To view the list we created in 2017, click here. And let me know what campaign springs to your mind (from any era) in the comments below!

“How do I become a travel writer?”

One of the questions I get regularly is “how do I get paid to be a travel writer?”

This comes up frequently during informational interviews and at networking events. I’m by no means a prolific writer but I have had some success with it, and I sure do enjoy it. You can check out some of my recent work here .

Here’s what I share with prospective writers about my journey and what travel writing looks like to me.

Understand that for most, it’s a side job

I have never made a full living from travel writing, so as with many tourism professions, it helps to have a ‘day job’. If you’re starting out (e.g. early in your career) I recommend getting a steady job in accommodations, and then branching out in to writing from there. (Find out why I recommend starting in accommodations here.)

Know what perspective you have to offer, and provide samples

My daughter and I are planning a trip to Viet Nam so I’m pitching some ideas based on our itinerary, my perspective as a mom, and the “family travel” angle. I always provide a link to recent work published on another platform. I also try to pitch a specific concept to “e.g. Top 5” or “How to” and give the editors something to visualize. Note that in my experience, most of the time you’re going to want to plan the trip and then pitch the writing gig to the relevant publisher. I have been paid to take a trip and write, and it is awesome, but that came after I proved myself to that publisher.

Be a nice person (and as “real” as you can be)

This may sound trite, but it’s my philosophy for all things career (and life). Be kind to other people, and be yourself. I’m not the world’s most polished ‘professional’, and that’s ok. I’ve got a down-to-earth personality, I’m a ‘hugger’, and I’ve got a dirty mouth. I will rein all that in as needs be, but for the most part, what you see is what you get. I tend to end up working with people whose personality jives with all of that, and so far it’s working out.

Make lots of contacts at industry conferences, work, and school

Most of my writing gigs have come to me by way of industry events or via friends I’ve made in school (especially graduate school). If you follow my advice in terms of being a good person, and determining a point-of-view, you’ll start to attract gigs along the way.

Social plays a greater role than before

All that said, I started my writing career at a time before Facebook or Instagram even existed! People were using Ask Jeeves* for their travel plans. So my writing has had to evolve. The good news is, if you’re younger, the connection to social is automatic and instinctual. You know about keywords and being an ‘influencer’ and the importance of video. Harness that and share it with platforms that are crying out for better content!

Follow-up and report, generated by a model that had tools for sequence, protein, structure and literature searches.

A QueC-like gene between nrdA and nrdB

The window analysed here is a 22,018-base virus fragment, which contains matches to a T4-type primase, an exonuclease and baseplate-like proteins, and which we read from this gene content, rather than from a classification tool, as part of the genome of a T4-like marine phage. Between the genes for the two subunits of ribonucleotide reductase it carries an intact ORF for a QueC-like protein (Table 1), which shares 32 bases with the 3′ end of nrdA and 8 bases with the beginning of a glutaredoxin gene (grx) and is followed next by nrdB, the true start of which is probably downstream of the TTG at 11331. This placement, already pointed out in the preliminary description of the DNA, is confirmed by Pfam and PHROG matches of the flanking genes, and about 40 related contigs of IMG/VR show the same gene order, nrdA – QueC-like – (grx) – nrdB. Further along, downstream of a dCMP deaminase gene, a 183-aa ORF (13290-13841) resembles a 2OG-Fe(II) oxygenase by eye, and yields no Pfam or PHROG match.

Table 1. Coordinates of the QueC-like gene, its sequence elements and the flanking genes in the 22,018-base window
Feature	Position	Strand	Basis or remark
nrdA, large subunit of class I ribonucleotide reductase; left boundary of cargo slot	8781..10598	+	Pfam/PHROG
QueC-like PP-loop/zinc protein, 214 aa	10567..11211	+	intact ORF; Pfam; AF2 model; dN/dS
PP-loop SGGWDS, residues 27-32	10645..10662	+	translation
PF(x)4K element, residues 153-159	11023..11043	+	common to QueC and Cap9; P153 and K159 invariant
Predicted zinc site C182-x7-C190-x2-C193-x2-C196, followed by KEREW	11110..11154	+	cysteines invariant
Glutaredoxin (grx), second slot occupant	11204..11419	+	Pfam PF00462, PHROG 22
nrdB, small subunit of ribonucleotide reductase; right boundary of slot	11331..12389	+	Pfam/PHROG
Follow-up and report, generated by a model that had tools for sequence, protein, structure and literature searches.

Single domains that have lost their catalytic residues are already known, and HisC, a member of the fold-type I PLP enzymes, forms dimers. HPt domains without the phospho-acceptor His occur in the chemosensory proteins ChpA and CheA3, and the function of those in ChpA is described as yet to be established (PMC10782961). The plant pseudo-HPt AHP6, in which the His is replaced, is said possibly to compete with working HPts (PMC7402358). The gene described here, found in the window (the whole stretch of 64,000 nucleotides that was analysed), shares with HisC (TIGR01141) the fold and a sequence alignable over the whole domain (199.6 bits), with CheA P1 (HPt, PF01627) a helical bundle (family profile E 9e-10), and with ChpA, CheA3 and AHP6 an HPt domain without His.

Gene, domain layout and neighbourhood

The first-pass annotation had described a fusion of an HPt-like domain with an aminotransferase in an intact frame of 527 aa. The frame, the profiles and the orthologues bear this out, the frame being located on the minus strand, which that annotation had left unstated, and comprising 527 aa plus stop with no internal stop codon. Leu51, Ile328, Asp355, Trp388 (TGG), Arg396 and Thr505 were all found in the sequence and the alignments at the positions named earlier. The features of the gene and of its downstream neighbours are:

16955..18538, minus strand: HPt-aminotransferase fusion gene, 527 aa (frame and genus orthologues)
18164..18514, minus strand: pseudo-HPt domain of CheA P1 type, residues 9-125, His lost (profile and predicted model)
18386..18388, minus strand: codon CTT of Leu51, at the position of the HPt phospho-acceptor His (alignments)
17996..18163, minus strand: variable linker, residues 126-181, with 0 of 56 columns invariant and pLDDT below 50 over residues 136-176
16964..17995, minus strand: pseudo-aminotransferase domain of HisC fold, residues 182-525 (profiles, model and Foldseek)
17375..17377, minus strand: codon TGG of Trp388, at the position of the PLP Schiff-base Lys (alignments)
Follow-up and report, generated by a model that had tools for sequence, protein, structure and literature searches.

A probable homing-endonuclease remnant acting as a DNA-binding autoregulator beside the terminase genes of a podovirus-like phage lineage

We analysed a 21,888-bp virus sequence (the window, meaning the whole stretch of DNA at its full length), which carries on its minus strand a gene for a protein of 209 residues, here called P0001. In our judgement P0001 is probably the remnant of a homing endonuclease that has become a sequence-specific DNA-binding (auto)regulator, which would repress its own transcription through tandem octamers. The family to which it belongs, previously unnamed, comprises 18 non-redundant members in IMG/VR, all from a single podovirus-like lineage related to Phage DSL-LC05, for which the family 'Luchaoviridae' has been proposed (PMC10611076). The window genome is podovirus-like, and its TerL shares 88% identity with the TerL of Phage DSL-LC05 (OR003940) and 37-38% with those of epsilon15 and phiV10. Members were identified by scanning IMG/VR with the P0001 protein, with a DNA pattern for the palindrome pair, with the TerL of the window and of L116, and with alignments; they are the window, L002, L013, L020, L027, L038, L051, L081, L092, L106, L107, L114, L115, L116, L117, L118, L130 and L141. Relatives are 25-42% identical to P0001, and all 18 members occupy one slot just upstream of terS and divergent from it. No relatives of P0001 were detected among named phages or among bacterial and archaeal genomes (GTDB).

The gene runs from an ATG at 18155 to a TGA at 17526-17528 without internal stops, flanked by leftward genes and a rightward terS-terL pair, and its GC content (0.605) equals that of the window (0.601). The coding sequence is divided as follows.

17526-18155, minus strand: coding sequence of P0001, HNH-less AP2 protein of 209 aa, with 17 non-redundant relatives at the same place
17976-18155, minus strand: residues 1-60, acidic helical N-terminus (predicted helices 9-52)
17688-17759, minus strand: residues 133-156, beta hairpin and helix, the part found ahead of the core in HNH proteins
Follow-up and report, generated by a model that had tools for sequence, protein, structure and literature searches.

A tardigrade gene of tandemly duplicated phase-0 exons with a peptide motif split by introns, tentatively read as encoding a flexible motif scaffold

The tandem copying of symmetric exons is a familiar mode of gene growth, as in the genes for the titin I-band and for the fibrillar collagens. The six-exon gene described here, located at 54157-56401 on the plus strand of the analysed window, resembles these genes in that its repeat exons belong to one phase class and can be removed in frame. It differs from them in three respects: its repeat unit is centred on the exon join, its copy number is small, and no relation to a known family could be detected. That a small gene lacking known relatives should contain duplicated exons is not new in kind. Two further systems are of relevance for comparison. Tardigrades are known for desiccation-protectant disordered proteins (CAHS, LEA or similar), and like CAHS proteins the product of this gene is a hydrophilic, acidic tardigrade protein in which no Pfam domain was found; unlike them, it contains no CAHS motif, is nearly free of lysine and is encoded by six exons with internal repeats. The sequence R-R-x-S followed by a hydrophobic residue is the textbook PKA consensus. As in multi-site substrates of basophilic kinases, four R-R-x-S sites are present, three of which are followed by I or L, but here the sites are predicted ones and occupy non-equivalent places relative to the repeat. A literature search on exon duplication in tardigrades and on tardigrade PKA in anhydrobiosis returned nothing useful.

Stick with it

Last bit of advice here, and that’s to stick with it. If you have a day job, set reminders in your calendar to reach out to new platforms and make connections at blogs and magazines. This is the hardest advice to follow myself – but if you make time for your craft on a regular basis, and dedicate time to developing relationships with publishers, you’ll get there faster.

*ironically, if you don’t know what this is, I suggest you Google it

 

The Early Nerd Catches the Soundbite

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Old School CBC

This morning I had the honour of Skytraining down to the CBC offices prior to the crack of dawn to chat with Stephen Quinn about the dramatic (and awesome) uptick in visitation numbers to Vancouver.

Let’s face it, tourism is crushing it lately and you can read about it here, and here, and here, and here, and most recently with headlines celebrating the record-setting year for Tourism in Vancouver at over 10 million visits.

Our illustrious tourism marketing management department head had another engagement, so he passed the torch to me. I’m not a morning person but I hope I did the sector proud on air – despite the challenge of distilling a very complex “overnight success story” into a couple of minutes.

I’ll admit I was geeking out at the chance to sit across from Stephen and speak on a show we listen to every morning at home. I mentioned I was excited.  He cautioned me not to be “too excited”. How did I do? Was I, in Stephen’s words, the “right level of excited”?

Judge for yourself! Visit the Early Edition webpage here:

http://www.cbc.ca/news/canada/british-columbia/programs/theearlyedition